Sin, faith, duty

Some think that Luke has collected three separate sayings of Jesus in Lk 17.1-10, with little connection between them. That assumes much.

Jesus might well have said these three things in this order. Even if he did not, it also assumes that Luke is clumsy.

No such assumptions are needed. There can be seen a clear connection among the three points.

  1. The business of the kingdom is forgiveness of sin, 1-4. Don’t be a cause of sin, 1-2. Be a cause of forgiveness, 3-4.
  2. For that forgiving spirit, the apostles felt the need for a greater faith, 5-6. In one sense, Jesus anticipates Nike: Just do it. Faith is to be exercised. For it to grow it must be put into action.
  3. Duty in the kingdom deserves no special praise, 7-10, but it must be done. What is this duty? Again, seeking forgiveness for all.

#Luke #faith #forgiveness #duty

Increase faith: Luke 17.5

“The apostles said to the Lord, ‘Increase our faith!’”

Luke 17.5

Perhaps impressed with the need for continued forgiveness, the Twelve ask for greater faith. The desire is a good one. It is an ancient desire, one that many feel today. Jesus gave a good reply, v. 6.

Am I waiting for greater faith in order to act? Perhaps I need to act now in order to have greater faith. Start now! Do your duty, vv. 7-10.

#votd #Luke #faith

Jan. 12. With Twenty Years of Blessings, Jacob Returns to Canaan

Gen. 30:25-33:20

After working for Laban fourteen years, Jacob was ready to establish his independence. Laban recognized that God had blessed him because of Jacob and was reluctant to let him leave. Jacob agreed to remain if Laban would allow him to take the off-colored sheep and goats for his pay, leaving the white ones for Laban.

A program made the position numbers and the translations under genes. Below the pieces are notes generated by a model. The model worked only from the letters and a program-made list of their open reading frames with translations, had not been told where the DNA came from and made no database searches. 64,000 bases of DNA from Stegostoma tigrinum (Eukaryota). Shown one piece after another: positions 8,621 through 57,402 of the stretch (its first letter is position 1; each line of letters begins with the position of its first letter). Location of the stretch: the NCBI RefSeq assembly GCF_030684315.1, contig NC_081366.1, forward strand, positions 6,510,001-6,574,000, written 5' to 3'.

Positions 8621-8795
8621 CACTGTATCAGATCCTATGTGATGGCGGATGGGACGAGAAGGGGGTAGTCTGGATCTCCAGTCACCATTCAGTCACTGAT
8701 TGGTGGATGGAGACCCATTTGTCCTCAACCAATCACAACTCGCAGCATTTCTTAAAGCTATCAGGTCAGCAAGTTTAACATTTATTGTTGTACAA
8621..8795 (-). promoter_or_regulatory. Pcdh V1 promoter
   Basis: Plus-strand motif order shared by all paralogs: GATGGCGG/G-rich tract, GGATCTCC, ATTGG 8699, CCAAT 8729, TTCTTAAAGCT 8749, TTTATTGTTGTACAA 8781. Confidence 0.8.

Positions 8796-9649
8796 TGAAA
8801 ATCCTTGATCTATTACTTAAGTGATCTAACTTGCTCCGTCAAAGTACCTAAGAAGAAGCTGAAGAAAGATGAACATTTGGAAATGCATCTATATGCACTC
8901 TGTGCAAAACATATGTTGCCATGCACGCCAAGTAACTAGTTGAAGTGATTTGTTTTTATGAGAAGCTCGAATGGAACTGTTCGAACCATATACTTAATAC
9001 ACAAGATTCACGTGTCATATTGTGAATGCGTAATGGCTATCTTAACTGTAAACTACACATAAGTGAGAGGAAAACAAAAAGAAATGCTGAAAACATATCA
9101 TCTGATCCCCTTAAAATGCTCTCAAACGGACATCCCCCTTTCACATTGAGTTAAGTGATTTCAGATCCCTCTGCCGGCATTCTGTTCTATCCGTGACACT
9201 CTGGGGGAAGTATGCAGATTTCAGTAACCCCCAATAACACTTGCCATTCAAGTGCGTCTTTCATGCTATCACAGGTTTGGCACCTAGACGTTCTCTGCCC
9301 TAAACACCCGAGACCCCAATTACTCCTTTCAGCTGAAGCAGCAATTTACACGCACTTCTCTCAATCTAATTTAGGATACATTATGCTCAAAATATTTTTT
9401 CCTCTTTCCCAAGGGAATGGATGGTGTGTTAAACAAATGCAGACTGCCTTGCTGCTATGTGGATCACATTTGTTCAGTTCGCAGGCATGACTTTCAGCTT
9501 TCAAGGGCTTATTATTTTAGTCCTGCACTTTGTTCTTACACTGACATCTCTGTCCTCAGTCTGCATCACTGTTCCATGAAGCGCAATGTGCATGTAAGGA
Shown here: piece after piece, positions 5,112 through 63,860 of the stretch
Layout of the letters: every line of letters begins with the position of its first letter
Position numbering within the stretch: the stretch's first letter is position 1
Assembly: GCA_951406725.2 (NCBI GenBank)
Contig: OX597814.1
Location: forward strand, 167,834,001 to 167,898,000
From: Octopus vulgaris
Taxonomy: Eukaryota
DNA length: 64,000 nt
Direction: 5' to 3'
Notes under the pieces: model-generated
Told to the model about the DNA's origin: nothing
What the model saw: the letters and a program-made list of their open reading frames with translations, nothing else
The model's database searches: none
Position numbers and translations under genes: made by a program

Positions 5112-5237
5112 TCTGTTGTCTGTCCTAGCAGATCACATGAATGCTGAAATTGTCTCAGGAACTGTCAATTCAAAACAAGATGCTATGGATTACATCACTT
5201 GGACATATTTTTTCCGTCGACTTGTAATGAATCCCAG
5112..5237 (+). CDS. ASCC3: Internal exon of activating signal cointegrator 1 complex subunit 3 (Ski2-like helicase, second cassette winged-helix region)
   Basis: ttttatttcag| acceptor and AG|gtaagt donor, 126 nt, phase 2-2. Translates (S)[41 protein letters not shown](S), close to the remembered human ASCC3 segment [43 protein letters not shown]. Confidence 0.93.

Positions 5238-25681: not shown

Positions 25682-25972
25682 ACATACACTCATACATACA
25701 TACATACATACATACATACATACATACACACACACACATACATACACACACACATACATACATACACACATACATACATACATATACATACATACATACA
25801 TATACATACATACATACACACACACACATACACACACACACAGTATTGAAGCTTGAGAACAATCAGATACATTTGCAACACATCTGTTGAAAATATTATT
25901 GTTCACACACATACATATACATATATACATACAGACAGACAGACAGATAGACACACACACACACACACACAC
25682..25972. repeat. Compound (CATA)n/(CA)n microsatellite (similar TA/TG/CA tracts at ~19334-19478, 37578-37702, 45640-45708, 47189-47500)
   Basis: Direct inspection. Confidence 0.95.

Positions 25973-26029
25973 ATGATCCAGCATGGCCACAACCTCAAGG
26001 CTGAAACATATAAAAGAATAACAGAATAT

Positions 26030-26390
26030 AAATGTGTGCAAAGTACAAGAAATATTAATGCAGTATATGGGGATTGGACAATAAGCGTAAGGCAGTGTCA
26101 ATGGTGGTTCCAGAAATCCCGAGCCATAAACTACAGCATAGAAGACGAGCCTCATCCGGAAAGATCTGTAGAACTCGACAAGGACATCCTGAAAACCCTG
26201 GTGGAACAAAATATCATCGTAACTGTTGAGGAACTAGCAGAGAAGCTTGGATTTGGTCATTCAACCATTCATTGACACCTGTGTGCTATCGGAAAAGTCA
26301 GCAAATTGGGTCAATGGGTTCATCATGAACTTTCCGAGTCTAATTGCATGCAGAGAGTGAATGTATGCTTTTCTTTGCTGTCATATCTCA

This was agreeable to Laban, but before Jacob could remove his share of the flocks, Laban went ahead of him and removed them and gave them to his sons.

God allowed Laban’s remaining white flocks to produce more off-colored animals than white ones in order for Jacob’s flocks to increase while Laban’s flocks decreased. This was a step toward keeping His promise to Abraham, Isaac and Jacob.

After a period of six years, Laban’s sons began to complain that Jacob had taken away all that was their father’s. Jacob realized that it was time for him to leave because Laban’s countenance “was not favorable toward him as before.” Jacob’s wives also felt like strangers in their father’s house.

Laban received the news three days after Jacob had fled. He pursued for seven days before coming upon Jacob. God had warned Laban in a dream not to harm Jacob.